Santa Claus Worldwide distills the cheerful essence of Christmas from many sources and studies, old and new. In addition to his wide reading, author Tom A. Jerman has brought a wealth of personal experience
The evil helpers of St. Nicholas–Klaubauf, Cert, Houseker, Hans Trapp, Beelzebub, Pere Fouettard, and Schmutzl, among many others–often get a bad rap. Granted, they are typically monstrous beings of the underworld with animal parts such as horns, fur, hooves, tails, and foot-long tongues who threaten to beat, kidnap or otherwise dispose of naughty children. They were essential, however, to the Good Holy Man’s gift-giving practices. As Al Ridenour explained in The Krampus and the Old, Dark Christmas: Roots and Rebirth of the Folkloric Devil, St. Nicholas “not only withholds gifts from the unruly but sees to it that miscreants are punished. This ugly duty, however, is below his ecclesiastic dignity and falls therefore to the Krampus [or the other evil helpers], who either punishes them on the spot or carts them off in a basket to later be rent limb from limb, tossed into a pit or lake, or eaten.” They are the silent enforcers—sort of like St. Nicholas’ own version of godfather Don Corleone’s henchman, Luca Brasi, whose job was to stand behind the godfather and say nothing.
Until the Protestant Reformation, St. Nicholas and his evil helpers could be found in any predominately Catholic nation. During the sixteenth century, however, a number of nations rejected Catholicism, and in those regions the role of St. Nicholas was typically replaced by a group I call the “faux Nicholases” or the “terror men.” These gift-givers adopted a look in which St. Nicholas appeared to have been stripped of his bishop’s robes, sent to live alone in the wilderness for several years, and returned with filthy long hair and a beard, wearing a ragged coat, cloak, or animal skin and covered with dirt or ashes. Critically, the faux Nicholases performed both the gift-giving function of St. Nicholas and the disciplinary function of the evil helpers, and generally carried a whip or bundle of switches to convey their ability to punish young offenders. These gift-givers can be identified because they are humans, work largely in Protestant regions, travel alone and, over time, gradually shifted their gift-giving to Christmas rather than St. Nicholas’ Day.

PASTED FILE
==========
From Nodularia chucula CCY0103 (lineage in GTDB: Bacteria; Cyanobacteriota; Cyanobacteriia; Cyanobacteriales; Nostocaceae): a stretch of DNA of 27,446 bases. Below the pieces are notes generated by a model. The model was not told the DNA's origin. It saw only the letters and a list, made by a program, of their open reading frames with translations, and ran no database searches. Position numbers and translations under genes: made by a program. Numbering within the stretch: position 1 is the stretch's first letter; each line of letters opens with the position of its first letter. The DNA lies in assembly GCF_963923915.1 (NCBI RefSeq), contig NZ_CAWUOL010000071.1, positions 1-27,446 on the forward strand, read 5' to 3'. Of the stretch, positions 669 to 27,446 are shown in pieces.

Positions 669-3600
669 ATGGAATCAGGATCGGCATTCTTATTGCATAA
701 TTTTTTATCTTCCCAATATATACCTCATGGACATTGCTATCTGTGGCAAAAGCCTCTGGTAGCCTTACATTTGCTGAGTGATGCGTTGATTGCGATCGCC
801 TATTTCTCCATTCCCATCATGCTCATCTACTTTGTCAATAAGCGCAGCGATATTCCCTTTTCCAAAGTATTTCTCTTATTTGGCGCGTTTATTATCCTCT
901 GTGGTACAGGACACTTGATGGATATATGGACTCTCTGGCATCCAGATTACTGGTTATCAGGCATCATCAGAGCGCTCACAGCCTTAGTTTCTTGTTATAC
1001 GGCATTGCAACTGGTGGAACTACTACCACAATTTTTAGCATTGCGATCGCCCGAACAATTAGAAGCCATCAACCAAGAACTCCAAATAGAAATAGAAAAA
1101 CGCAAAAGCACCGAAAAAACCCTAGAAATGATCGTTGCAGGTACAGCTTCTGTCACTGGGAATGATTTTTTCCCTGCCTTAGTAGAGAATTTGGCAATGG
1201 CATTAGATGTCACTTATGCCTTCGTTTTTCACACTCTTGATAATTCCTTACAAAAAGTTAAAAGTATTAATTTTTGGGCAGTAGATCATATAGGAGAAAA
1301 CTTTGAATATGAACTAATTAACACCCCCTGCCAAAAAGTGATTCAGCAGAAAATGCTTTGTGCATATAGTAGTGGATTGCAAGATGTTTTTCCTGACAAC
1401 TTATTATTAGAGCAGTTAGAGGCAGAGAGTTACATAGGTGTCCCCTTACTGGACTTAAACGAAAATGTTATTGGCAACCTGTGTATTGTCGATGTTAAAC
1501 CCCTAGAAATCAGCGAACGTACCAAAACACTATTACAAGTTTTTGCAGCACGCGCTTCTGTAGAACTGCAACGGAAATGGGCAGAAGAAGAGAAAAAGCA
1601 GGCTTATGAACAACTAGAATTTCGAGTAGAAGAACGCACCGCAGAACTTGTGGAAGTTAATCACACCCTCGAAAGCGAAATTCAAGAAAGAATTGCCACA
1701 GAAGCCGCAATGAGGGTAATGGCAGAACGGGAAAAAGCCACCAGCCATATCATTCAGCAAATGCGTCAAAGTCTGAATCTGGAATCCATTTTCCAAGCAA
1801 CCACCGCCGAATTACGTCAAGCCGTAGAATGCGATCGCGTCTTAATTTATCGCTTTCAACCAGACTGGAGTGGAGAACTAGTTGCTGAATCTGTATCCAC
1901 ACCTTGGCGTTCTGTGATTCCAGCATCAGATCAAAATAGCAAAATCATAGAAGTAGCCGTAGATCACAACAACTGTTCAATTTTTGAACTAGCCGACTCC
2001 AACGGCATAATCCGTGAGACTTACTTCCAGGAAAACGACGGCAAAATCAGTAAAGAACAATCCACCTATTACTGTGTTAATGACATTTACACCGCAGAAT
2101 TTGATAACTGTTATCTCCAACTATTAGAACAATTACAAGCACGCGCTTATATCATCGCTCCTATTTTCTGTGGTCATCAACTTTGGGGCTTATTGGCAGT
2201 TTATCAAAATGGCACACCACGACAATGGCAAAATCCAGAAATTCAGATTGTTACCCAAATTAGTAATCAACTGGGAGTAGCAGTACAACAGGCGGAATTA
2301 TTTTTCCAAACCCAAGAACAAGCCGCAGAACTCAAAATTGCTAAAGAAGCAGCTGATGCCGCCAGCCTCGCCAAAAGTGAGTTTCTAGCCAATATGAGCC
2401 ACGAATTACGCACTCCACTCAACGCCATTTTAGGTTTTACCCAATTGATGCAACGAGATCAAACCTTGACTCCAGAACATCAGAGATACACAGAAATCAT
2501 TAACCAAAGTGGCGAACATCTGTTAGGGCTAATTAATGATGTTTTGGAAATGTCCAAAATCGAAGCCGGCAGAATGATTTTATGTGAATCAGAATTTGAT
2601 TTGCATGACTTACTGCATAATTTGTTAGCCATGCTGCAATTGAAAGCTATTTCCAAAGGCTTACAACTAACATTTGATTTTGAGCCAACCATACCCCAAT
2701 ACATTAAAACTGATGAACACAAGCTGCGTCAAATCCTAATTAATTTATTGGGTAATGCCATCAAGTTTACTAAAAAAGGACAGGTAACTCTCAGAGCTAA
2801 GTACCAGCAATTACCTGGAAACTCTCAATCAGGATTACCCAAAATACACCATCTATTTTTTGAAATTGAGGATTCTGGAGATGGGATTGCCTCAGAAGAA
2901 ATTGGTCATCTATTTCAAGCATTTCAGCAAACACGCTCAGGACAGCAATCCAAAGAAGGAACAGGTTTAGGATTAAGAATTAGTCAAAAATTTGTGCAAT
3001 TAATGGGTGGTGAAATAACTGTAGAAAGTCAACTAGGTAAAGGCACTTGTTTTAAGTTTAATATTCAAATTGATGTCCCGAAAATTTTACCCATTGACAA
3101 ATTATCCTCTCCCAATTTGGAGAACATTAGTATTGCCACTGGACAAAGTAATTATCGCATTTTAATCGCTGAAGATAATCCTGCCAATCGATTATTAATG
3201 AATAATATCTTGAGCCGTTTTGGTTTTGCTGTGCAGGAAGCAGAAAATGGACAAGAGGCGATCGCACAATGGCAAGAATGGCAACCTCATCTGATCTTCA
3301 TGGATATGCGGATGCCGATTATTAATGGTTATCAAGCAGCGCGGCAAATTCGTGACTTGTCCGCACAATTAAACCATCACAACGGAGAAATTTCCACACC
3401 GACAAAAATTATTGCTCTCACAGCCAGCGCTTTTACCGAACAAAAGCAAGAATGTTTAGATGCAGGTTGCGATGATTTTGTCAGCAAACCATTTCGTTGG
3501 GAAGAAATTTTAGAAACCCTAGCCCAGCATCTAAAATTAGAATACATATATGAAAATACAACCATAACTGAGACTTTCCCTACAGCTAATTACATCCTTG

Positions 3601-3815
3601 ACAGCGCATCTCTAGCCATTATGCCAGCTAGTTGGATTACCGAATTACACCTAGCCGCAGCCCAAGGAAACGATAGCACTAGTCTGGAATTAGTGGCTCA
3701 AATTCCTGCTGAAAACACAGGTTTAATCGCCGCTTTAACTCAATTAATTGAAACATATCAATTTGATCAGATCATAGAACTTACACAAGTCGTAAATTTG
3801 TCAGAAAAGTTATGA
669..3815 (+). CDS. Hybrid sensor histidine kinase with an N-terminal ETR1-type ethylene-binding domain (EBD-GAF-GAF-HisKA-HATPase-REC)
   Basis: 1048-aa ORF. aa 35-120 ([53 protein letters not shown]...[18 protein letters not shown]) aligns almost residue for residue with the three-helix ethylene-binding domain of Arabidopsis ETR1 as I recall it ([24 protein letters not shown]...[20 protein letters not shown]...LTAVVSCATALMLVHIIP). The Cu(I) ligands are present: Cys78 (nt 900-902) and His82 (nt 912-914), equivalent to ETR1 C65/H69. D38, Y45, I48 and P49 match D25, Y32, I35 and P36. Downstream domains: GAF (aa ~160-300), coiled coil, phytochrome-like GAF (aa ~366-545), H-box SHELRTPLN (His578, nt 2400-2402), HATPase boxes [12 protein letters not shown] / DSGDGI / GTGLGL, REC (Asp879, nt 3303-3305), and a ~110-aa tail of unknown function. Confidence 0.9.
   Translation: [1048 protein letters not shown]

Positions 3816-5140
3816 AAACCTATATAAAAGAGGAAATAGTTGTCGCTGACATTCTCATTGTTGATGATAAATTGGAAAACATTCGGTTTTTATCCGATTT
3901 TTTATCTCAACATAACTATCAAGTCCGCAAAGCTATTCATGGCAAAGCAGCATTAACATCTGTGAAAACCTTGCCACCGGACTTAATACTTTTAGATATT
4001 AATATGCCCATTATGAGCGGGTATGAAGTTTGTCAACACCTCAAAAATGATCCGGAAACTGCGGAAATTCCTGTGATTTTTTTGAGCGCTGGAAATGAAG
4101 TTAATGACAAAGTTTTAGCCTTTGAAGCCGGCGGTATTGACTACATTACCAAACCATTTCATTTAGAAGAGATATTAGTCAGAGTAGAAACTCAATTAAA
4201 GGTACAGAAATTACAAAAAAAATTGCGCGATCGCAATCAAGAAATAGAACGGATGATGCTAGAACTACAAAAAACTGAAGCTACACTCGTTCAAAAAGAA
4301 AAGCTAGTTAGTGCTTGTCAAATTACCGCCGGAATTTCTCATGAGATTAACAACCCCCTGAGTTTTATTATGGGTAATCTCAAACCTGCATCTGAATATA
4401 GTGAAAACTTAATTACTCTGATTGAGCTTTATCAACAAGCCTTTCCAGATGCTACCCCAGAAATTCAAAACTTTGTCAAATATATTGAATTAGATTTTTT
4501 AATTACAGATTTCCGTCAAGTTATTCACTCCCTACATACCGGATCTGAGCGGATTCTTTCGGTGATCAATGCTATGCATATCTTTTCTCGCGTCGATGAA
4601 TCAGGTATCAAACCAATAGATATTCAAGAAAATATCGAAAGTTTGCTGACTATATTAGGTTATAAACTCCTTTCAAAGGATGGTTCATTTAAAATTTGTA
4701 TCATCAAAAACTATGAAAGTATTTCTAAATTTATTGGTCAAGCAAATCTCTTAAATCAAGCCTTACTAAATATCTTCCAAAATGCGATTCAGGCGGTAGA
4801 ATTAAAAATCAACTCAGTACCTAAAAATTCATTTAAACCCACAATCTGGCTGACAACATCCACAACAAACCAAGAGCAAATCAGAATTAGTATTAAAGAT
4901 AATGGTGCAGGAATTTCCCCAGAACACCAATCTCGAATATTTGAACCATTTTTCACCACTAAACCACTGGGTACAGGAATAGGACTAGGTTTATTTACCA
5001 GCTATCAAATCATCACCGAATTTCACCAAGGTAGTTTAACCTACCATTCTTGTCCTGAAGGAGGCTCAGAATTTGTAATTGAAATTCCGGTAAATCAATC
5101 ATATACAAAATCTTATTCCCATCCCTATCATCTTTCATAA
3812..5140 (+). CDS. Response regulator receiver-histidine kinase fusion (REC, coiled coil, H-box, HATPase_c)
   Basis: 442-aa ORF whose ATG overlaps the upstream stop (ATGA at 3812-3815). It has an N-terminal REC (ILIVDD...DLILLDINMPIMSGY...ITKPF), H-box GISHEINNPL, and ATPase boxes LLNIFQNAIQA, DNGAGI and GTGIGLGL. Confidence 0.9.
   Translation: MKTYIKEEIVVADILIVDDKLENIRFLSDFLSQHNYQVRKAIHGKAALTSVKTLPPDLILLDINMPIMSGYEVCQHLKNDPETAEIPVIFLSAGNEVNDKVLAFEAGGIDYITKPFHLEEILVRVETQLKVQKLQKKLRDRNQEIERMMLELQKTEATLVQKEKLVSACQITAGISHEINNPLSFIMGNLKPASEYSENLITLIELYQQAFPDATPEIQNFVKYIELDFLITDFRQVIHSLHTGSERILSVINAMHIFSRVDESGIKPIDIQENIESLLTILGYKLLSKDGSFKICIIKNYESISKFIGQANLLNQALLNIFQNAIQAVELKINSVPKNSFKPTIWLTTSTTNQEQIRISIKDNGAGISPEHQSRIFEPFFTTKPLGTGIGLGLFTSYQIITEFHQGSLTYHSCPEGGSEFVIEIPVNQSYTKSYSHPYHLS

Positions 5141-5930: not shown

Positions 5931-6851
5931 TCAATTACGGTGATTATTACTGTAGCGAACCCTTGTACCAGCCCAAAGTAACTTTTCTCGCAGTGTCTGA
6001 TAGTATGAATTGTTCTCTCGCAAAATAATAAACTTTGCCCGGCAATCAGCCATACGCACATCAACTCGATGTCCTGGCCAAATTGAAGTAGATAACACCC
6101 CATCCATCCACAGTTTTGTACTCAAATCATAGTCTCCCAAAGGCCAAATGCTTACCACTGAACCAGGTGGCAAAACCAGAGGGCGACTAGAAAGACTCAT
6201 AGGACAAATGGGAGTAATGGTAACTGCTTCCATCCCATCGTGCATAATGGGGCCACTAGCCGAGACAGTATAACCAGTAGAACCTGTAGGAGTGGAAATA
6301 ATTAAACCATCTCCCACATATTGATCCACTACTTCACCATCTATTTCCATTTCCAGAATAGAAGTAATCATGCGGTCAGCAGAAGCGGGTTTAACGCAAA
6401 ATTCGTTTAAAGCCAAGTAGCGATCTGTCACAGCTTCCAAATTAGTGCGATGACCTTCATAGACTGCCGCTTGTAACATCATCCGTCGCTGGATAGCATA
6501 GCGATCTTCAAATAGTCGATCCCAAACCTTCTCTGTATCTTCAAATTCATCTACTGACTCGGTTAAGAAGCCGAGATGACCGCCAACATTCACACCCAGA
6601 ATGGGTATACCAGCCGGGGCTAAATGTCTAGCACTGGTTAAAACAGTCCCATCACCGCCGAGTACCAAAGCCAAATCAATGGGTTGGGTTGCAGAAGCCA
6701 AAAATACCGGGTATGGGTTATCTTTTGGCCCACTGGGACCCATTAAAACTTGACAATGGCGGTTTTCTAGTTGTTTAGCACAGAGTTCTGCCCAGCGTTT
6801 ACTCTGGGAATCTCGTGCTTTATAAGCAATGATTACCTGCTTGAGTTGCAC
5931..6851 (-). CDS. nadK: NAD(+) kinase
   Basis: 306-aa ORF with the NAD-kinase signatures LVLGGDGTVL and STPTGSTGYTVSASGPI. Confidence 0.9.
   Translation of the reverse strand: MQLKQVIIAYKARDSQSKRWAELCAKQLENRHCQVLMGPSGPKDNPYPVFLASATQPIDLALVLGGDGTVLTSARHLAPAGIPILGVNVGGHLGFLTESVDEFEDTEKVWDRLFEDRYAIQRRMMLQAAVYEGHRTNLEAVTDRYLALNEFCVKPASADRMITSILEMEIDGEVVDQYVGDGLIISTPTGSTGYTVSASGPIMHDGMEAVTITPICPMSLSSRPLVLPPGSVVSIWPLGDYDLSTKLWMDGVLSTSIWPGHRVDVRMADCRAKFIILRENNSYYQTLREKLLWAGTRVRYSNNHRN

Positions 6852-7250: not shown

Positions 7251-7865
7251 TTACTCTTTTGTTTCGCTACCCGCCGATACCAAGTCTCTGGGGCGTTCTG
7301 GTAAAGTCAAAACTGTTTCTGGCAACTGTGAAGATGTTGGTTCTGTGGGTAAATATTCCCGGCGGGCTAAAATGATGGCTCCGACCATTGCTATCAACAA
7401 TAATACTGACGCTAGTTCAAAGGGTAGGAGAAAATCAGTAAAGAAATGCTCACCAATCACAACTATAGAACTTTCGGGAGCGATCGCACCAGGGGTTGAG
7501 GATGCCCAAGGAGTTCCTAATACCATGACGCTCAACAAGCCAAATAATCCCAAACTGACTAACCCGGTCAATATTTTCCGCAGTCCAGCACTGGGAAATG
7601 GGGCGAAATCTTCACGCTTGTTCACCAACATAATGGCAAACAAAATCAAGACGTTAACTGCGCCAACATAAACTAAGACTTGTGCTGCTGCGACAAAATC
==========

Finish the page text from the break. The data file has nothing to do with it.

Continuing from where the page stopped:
While St. Nicholas undoubtedly loves all of his evil helpers equally, Krampus is the first among equals. Indeed, he seems at times to have his own public relations firm and has developed a remarkably large following for someone whose job is to abduct and beat or kill young children. During the late nineteenth century, Krampus was the subject of numerous Victorian Christmas cards called Krampuskarten that depicted Krampus in all of his Satanic, red-tongued, child-abducting glory. He also has his own holiday in Austria and southern Germany, Krampusnacht (“Krampus Night”) on December 5; his own “fun runs” called Krampuslauf (“Krampus run”) that occur annually in some Alpine towns; several horror movies, none of which seem to have any real connection to Christmas; and several picture books and biographies released in the past few years.
If you want to send Krampuskarten this year it is probably too late, especially with the delays the U.S. Postal Service has been experiencing. If you want to celebrate Krampusnacht, you have about a day to get prepared so you better send the invitations by email or telephone. I tried to find suggestions for food, drink and decorations but, unfortunately, came up short. I was sure that Martha Stewart would have a book on the subject, perhaps with tasty ways to prepare naughty boys and girls but, alas, she does not. If anyone has thoughts (and, as I think about it, we should leave out the children), leave a comment and I will compile them for next year.